He had more than that: Word soon came that other whales were beaching up and down the shores of the Bahamas. Here was an exceptional mass stranding involving marine mammals spread across 100 miles. Too wide a range, Balcomb realized, to be a natural event. For these whales to flee their habitat, something severe must have hit them. An enormous wall of sonar sound, Balcomb guessed--the ear-splitting screech of the U.S. Navy's submarine-detection system.

Environmentalists ask leaders for money to protect Sound
December 6, 2002 (Seattle Post-Intelligencer) Seven environmental organizations are calling on the governor and Legislature to support programs important to the cleanup, restoration and protection of Puget Sound.
A letter sent yesterday urged state leaders to remember the damaged marine environment when working on the 2003-05 budget in coming months.
The groups call for:
  • Funding for local governments to prevent stormwater pollution.
  • Money for a rescue tug stationed at Neah Bay to aid ships in trouble.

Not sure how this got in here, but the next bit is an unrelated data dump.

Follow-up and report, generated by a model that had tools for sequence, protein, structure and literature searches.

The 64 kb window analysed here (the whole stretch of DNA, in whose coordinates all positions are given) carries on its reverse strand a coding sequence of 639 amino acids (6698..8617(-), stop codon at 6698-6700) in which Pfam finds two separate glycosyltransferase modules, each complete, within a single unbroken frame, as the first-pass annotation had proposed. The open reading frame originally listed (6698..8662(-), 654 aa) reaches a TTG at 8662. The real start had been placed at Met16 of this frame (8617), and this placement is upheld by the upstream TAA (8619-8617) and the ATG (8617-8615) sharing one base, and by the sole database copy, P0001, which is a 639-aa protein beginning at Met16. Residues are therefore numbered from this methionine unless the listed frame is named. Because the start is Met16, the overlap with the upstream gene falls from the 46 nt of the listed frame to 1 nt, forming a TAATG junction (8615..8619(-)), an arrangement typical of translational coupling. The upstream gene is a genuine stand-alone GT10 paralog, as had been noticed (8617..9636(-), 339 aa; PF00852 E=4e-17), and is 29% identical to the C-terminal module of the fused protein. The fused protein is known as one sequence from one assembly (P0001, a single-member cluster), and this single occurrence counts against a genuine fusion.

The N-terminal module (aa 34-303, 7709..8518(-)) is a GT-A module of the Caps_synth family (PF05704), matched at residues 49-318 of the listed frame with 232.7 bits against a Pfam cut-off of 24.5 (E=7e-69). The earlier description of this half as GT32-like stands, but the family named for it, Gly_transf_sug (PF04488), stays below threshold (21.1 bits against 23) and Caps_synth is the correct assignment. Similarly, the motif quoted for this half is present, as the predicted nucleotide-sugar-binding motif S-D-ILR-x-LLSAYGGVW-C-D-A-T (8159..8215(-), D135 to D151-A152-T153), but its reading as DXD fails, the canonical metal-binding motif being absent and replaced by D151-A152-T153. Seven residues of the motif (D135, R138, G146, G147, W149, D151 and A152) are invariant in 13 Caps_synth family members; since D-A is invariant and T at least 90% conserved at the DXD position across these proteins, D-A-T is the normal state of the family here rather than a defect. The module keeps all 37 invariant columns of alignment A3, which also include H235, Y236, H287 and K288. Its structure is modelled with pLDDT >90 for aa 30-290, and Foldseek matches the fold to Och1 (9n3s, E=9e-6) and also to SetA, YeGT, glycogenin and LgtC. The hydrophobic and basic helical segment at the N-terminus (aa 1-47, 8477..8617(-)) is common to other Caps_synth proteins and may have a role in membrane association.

• A stringent plan for reducing the amount of mercury released into the environment.
  • Adoption of new Shoreline Management Act guidelines that add restrictions to development near beaches and rivers, plus funds to help local governments update their plans.
The letter was signed by People for Puget Sound, Audubon-Washington, Puget Soundkeeper Alliance, Washington Conservation Voters, Washington Environmental Council, Washington Toxics Coalition and the Washington Public Interest Research Group.

A lesson in life from our friend, the chum
December 5, 2002 (Seattle Times) Opinion by Ron C. Judd
This might prove a revelation to a lot of locals. Amazingly, many of us can live in a place blessed with a bounty of outdoor treasures, know they're there and talk about them openly, but rarely bother to get hands and feet dirty long enough to really taste, smell and feel the slimy edges of the place that gives us our sense of being.